You’re rounding a corner in your home when a jolt of pain suddenly shoots through your pinky toe. You let out a yelp and find yourself frozen to the spot, desperately waiting for the throbbing in your stubbed toe to subside.
There’s no pain quite like ramming your toe into a door frame or table leg, although the resulting injury is typically minor. So why does stubbing your toe hurt so much in the moment? The answer comes down to the quantity and type of nerve fibers in the feet and the force with which you typically stub your toes.
Painful sensations in the body originate in nerve cells called nociceptors, whose fibers plug into the skin, muscles and internal organs and respond to signals released by damaged cells, according to BrainFacts.org (opens in new tab).
Different types of nociceptors respond to different types of damage. Touching a scalding-hot pan sets off thermal nociceptors, for example, while stubbing your toe activates mechanical nociceptors, which are sensitive to pressure, cuts and wounds.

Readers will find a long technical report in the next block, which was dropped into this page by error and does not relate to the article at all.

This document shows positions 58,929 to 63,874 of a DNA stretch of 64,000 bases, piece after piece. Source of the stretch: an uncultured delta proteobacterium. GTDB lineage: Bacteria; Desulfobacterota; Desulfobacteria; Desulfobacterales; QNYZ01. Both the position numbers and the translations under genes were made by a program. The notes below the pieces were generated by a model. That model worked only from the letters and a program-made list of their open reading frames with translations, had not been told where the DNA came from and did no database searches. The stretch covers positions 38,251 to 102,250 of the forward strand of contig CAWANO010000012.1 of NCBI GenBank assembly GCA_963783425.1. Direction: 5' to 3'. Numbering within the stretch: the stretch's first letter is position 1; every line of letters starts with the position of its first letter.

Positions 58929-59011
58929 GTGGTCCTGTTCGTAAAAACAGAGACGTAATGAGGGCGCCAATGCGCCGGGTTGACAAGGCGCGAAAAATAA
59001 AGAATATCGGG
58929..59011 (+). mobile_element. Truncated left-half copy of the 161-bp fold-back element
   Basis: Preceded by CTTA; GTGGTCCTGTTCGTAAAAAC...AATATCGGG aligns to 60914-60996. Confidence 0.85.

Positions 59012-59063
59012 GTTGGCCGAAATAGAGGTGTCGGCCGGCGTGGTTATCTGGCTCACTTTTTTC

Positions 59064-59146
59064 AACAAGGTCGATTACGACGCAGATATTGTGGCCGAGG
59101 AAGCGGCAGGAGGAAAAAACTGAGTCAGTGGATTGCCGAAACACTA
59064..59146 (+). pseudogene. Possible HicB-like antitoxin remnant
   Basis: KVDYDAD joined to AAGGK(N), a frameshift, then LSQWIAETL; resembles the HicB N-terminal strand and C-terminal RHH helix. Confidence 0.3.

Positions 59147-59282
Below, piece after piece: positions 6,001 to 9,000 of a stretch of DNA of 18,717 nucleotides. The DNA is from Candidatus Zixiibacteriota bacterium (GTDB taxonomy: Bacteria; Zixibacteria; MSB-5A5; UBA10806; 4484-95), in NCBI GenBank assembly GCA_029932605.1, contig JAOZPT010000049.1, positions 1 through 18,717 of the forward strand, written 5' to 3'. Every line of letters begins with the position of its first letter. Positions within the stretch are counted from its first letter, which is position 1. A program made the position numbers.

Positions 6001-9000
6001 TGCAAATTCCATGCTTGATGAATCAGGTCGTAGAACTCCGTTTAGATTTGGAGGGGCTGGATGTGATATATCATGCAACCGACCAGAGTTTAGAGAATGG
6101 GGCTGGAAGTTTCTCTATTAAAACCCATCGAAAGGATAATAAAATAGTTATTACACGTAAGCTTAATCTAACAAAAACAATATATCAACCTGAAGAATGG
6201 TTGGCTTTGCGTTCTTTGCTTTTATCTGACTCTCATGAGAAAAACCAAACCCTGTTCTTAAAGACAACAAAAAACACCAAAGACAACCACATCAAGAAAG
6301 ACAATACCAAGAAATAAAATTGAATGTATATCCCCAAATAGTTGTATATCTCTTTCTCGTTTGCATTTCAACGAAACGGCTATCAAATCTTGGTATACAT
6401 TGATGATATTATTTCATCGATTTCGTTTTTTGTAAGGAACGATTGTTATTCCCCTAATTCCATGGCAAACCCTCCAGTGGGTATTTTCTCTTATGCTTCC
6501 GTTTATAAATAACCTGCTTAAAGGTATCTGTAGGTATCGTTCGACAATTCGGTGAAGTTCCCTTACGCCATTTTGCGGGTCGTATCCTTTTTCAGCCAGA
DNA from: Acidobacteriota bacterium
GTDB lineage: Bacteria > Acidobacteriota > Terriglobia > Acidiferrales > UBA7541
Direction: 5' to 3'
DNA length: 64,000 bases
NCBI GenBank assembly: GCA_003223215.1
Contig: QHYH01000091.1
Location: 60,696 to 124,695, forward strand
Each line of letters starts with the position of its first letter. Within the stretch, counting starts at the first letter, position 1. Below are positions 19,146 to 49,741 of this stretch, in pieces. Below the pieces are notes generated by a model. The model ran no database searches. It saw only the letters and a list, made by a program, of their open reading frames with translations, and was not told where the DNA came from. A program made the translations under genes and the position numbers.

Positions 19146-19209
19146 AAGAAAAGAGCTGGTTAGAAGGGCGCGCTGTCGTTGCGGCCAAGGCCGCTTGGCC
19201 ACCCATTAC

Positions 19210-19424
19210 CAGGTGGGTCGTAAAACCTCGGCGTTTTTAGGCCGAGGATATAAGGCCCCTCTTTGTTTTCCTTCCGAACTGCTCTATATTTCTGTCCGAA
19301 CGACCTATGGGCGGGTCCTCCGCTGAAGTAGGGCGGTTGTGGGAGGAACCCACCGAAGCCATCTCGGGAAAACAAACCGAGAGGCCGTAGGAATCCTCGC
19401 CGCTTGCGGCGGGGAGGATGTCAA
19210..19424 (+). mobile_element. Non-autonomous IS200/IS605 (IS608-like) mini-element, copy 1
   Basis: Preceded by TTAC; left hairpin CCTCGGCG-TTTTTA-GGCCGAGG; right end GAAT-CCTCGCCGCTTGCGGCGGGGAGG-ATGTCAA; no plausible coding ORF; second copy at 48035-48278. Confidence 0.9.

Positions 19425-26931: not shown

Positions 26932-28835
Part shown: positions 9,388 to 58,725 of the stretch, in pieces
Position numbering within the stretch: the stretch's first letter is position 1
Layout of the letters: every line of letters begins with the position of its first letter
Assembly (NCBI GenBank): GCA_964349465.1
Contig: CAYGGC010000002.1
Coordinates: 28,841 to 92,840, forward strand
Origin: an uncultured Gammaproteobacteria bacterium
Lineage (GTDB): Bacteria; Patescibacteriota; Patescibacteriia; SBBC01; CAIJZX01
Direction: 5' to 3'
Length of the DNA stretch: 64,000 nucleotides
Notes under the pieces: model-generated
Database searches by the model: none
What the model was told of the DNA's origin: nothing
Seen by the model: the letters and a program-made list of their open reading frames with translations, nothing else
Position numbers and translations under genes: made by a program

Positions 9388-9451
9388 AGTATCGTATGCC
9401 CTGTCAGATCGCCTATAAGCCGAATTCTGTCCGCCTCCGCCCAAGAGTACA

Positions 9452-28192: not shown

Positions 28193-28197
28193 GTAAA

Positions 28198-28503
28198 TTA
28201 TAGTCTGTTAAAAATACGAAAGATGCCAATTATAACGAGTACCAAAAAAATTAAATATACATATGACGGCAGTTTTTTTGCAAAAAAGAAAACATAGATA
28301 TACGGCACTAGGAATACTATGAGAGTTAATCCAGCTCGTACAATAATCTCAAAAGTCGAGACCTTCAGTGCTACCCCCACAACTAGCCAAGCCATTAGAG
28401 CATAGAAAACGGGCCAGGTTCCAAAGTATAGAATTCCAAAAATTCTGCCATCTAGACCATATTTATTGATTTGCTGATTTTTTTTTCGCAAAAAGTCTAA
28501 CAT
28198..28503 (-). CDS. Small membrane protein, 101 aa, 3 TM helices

Related: The five (and more) human senses
When activated, mechanical nociceptors shoot a message from the free nerve endings in your stubbed toe to dense bundles of nerve fibers that feed into the spinal cord. From there, the signals zip up to the brain and pass through an information hub called the thalamus before being forwarded to the wrinkled cerebral cortex.
The part of the cortex that responds to signals indicating touch, temperature and pain curves over the brain, sort of like a headband, and different areas of the headband process sensation in different body parts, according to the medical resource StatPearls (opens in new tab).
The specific region that deals with the feet and toes lies at the headband’s center, where the two halves of the brain meet, and its size reflects the number of receptors in the feet. The ultrasensitive face, mouth and hands take up the most space in the sensory headband, but the feet still take up a lot of real estate compared with the less-sensitive trunk and limbs.
Not all pain-related signals from a stubbed toe reach the brain at the same time, according to Stanford Medicine’s Scope (opens in new tab) blog.
The initial lightning bolt of pain triggered by the stubbing is relayed by “A-delta fibers” — thin, fat-encased nerve fibers that send signals super efficiently. The dull, aching pain that emerges seconds later arises from less-efficient “C fibers,” which have nerve endings that cover a wide…